Seychelles - Political parties

Before 1978 there were two political parties, the Seychelles Democratic Party (SDP) and the Seychelles People's United Party (SPUP), both founded in 1964. In the last legislative elections prior to independence, on 25 April 1974, the SDP won 13 of 15 elective seats and the SPUP 2. Appointments in June 1975 brought total party strength to 18 for the SDP and 7 for the SPUP. The successor to the SPUP, the Seychelles People's Progressive Front (SPPF), was established in 1979 as the sole legal party, with the avowed objective of creating a Socialist state; the SDP was declared to have "disappeared." There were at least three opposition groups in exile. In the 1979 parliamentary elections, 55 candidates sanctioned by the SPPF competed for 23 elective seats in the People's Assembly. In the 1983 parliamentary elections, 17 of the 23 elected candidates ran unopposed; and in the December 1987 elections, 36 candidates, all of them members of the SPPF, competed for the 23 seats in the People's Assembly.

After René's announcement of a return to multi-party democracy, parties began to organize in preparation for an election to a constituent assembly in July 1992. Many dissidents returned from exile and the Democratic Party (DP) was reestablished. Also established were the Seychelles Party (PS), the Seychelles Democratic Movement (MSPD), and the Seychelles Liberal Party (SLP).

After the 23 July 1993 elections, eight opposition members obtained seats in the 33-seat National Assembly. René won the presidential election with 59.5% of the vote. The Parti Seselwa, the Seychellois National Movement and the National Alliance Party opposed the adoption of the new constitution in 1993 and contested the July 1993 elections as the United Opposition (UO) coalition. Its presidential candidate, former president Mancham, received 36.6% of the vote. The SPPF won 21 legislative seats to the DP's 1. The SPPF was also given 6 of the 11 seats apportioned according to the percentage of the votes won; the DP, 4 seats; and the UO, 1 seat.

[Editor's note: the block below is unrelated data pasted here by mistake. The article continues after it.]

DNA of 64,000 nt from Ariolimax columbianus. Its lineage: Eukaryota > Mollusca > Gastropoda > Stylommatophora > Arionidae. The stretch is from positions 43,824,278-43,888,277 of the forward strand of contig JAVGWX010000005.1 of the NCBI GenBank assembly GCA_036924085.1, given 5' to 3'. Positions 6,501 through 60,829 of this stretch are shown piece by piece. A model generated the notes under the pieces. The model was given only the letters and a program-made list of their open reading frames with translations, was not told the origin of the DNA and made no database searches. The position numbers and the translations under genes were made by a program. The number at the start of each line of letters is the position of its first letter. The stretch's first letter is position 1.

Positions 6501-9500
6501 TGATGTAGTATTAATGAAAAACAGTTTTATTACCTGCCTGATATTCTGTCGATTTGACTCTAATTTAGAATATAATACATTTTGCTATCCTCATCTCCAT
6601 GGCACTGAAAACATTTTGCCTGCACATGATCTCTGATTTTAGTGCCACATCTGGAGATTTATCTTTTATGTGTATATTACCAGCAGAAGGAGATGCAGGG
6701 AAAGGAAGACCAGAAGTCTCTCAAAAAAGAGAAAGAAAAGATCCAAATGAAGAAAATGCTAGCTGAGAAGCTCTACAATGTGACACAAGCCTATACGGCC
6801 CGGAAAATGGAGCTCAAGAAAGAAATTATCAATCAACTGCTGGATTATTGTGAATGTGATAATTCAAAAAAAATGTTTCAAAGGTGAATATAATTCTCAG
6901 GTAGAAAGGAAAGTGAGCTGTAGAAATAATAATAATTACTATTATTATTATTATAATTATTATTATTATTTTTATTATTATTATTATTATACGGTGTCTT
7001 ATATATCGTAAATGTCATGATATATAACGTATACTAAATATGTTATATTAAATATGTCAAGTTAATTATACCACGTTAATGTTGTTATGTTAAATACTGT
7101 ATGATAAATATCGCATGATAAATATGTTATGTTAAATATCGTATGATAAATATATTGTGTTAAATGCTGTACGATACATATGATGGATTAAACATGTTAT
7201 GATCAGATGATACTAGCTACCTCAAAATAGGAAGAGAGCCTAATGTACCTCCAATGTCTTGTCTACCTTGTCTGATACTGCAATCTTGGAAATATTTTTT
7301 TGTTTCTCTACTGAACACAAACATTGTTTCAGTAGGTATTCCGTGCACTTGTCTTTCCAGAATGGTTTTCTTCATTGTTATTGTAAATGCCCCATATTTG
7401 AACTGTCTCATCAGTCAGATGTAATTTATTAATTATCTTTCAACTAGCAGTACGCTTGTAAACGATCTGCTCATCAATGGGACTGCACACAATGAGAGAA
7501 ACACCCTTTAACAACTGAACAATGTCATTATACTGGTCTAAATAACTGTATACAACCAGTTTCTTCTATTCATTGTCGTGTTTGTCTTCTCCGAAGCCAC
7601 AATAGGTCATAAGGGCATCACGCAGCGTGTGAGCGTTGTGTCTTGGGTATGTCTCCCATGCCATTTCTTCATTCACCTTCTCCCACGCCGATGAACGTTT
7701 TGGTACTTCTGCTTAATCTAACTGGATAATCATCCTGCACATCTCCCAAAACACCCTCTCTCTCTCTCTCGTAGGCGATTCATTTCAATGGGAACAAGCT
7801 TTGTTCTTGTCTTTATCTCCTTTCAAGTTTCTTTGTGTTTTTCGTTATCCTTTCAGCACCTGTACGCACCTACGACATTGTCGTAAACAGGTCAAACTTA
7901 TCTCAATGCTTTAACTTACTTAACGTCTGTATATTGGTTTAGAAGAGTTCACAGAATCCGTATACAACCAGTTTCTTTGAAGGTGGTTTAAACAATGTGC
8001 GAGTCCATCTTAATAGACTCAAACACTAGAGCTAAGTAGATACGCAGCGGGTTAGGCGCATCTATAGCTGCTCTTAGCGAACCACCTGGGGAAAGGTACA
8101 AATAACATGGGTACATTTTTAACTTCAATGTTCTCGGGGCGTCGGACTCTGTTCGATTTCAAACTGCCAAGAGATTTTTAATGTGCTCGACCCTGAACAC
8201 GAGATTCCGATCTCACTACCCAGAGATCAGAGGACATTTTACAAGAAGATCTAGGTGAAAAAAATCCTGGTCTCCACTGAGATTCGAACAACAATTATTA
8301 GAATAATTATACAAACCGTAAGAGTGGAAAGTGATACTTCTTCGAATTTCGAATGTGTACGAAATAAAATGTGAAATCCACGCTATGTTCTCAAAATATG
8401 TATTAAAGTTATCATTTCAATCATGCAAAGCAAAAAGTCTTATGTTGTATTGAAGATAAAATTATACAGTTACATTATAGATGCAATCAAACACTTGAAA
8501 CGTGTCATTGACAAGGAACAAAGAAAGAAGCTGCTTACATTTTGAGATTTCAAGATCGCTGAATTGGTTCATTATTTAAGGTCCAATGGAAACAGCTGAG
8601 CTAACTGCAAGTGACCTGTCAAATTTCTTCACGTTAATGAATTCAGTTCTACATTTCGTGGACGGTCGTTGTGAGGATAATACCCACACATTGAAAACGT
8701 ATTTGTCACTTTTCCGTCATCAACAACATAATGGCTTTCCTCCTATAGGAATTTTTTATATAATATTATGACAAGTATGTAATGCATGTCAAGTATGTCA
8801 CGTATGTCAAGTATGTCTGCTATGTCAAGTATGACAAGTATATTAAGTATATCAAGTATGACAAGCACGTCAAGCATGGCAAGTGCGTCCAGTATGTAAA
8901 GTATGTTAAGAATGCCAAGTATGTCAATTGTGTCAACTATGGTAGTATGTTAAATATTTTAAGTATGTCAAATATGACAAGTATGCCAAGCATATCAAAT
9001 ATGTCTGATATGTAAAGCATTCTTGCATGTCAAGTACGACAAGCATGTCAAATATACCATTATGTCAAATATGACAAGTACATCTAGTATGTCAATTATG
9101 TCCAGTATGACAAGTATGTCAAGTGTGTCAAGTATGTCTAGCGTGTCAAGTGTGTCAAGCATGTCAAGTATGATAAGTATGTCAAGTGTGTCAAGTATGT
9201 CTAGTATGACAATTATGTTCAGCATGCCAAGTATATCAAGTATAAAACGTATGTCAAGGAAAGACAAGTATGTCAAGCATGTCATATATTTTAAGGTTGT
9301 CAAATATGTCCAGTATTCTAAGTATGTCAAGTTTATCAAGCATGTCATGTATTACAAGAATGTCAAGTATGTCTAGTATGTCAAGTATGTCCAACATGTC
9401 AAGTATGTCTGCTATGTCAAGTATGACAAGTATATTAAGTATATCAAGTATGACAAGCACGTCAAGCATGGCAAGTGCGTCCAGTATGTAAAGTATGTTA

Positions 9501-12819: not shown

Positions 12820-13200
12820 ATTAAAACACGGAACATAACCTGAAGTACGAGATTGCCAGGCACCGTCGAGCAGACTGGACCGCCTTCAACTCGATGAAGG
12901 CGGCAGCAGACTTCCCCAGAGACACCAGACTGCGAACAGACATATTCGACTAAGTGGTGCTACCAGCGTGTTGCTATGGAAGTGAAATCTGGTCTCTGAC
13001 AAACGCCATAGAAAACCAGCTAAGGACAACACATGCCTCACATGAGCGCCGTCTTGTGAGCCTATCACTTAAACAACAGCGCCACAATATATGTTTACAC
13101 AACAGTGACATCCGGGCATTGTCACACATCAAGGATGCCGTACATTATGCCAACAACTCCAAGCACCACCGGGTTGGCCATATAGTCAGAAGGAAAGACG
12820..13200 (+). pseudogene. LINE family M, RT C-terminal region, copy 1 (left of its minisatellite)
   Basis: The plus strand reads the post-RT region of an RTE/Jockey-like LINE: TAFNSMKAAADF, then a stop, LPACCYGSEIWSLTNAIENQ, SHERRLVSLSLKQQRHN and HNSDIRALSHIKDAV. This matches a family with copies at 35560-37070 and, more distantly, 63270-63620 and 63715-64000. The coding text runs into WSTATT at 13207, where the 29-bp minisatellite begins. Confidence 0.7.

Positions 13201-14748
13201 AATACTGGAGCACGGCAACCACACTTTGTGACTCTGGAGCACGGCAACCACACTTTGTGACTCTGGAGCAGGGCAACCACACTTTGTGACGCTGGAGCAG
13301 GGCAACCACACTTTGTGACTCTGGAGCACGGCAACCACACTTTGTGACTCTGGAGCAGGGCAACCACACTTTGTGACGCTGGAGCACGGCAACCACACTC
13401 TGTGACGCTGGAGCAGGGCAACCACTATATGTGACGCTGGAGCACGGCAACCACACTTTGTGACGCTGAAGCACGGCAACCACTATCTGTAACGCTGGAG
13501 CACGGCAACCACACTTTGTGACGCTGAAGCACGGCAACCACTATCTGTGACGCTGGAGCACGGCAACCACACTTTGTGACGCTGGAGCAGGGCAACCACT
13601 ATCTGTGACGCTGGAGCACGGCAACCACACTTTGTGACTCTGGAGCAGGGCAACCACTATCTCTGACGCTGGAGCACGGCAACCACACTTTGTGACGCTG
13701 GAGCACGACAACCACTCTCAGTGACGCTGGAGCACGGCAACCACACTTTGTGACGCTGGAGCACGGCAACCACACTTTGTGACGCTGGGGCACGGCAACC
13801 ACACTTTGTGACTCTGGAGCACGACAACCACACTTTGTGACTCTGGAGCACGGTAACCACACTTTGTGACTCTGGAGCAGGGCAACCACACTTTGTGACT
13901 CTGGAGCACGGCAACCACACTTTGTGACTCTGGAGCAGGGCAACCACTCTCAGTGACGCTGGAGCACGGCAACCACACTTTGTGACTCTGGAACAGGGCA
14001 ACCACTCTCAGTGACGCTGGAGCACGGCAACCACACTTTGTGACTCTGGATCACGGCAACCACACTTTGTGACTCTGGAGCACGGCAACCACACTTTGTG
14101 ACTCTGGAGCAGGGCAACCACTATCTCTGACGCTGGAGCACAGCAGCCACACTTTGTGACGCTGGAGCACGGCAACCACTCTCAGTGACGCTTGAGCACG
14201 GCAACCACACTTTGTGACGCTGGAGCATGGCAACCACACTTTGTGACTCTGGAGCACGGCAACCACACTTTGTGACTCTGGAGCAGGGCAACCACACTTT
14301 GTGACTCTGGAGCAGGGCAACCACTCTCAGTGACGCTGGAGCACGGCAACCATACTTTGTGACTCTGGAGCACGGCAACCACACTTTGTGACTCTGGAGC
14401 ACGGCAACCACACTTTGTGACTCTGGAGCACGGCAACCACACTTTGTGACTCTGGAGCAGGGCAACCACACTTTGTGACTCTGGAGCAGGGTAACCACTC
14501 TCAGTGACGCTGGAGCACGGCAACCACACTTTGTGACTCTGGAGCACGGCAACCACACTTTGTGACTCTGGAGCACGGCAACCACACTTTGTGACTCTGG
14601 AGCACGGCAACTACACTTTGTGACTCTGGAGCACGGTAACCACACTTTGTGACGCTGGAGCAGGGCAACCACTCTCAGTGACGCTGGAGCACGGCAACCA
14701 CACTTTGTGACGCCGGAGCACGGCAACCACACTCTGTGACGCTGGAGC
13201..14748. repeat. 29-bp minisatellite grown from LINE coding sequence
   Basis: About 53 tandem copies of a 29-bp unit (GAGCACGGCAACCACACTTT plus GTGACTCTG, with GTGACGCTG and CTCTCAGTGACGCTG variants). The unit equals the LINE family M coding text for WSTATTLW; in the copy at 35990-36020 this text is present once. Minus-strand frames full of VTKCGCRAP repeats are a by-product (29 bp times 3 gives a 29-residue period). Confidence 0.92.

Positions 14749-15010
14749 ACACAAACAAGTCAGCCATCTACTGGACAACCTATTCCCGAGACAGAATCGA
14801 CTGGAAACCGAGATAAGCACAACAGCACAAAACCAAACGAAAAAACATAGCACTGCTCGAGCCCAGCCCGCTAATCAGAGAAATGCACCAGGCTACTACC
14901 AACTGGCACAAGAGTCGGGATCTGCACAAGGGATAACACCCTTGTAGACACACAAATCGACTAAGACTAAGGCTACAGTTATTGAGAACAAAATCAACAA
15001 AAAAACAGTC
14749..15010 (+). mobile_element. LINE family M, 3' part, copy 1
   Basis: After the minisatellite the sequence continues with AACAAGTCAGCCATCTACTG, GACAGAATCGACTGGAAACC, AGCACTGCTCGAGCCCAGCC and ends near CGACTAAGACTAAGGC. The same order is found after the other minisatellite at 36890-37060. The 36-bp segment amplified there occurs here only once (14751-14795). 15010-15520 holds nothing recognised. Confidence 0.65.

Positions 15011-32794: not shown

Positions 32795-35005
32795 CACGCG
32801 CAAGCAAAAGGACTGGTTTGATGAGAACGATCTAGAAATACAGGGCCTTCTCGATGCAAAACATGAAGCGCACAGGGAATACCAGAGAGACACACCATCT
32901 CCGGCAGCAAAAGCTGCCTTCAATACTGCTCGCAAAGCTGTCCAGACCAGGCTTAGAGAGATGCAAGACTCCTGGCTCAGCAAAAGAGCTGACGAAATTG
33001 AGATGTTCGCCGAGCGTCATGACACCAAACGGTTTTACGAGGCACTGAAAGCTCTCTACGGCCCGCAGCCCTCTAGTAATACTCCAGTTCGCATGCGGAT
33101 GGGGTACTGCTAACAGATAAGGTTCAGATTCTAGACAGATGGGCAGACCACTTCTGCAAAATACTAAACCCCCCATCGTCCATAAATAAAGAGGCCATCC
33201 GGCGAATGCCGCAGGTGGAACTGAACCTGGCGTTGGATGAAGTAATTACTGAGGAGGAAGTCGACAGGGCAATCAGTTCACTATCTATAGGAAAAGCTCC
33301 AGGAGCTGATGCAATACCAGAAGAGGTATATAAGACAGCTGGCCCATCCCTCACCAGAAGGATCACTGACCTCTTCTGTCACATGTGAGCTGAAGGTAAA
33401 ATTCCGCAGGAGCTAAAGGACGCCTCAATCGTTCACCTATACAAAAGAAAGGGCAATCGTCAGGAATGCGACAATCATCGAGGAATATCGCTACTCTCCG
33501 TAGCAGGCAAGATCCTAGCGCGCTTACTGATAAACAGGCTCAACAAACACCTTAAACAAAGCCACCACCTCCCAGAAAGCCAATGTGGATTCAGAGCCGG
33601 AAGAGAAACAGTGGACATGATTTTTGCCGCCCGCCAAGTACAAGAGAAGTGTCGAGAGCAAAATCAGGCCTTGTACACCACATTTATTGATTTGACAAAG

In the 1998 elections, the SPPF captured 30 seats; the UO three; and the DP only one seat. The Reverend Wavel Ramkalawan replaced James Mancham as leader of the opposition, and in late 1998, the UO changed its name to the Seychelles National Party (SNP). In National Assembly elections in December 2002, the SPPF captured 23 seats to 11 for the SNP.

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User Contributions:

It appears that the people voted for the the best party to bring their country forward.It looks to me as a forginer ,they have done the right thing.I know their elections are coming up soon and hope things continue the way they are going for a wonderful nation. Peace and good luck to all.

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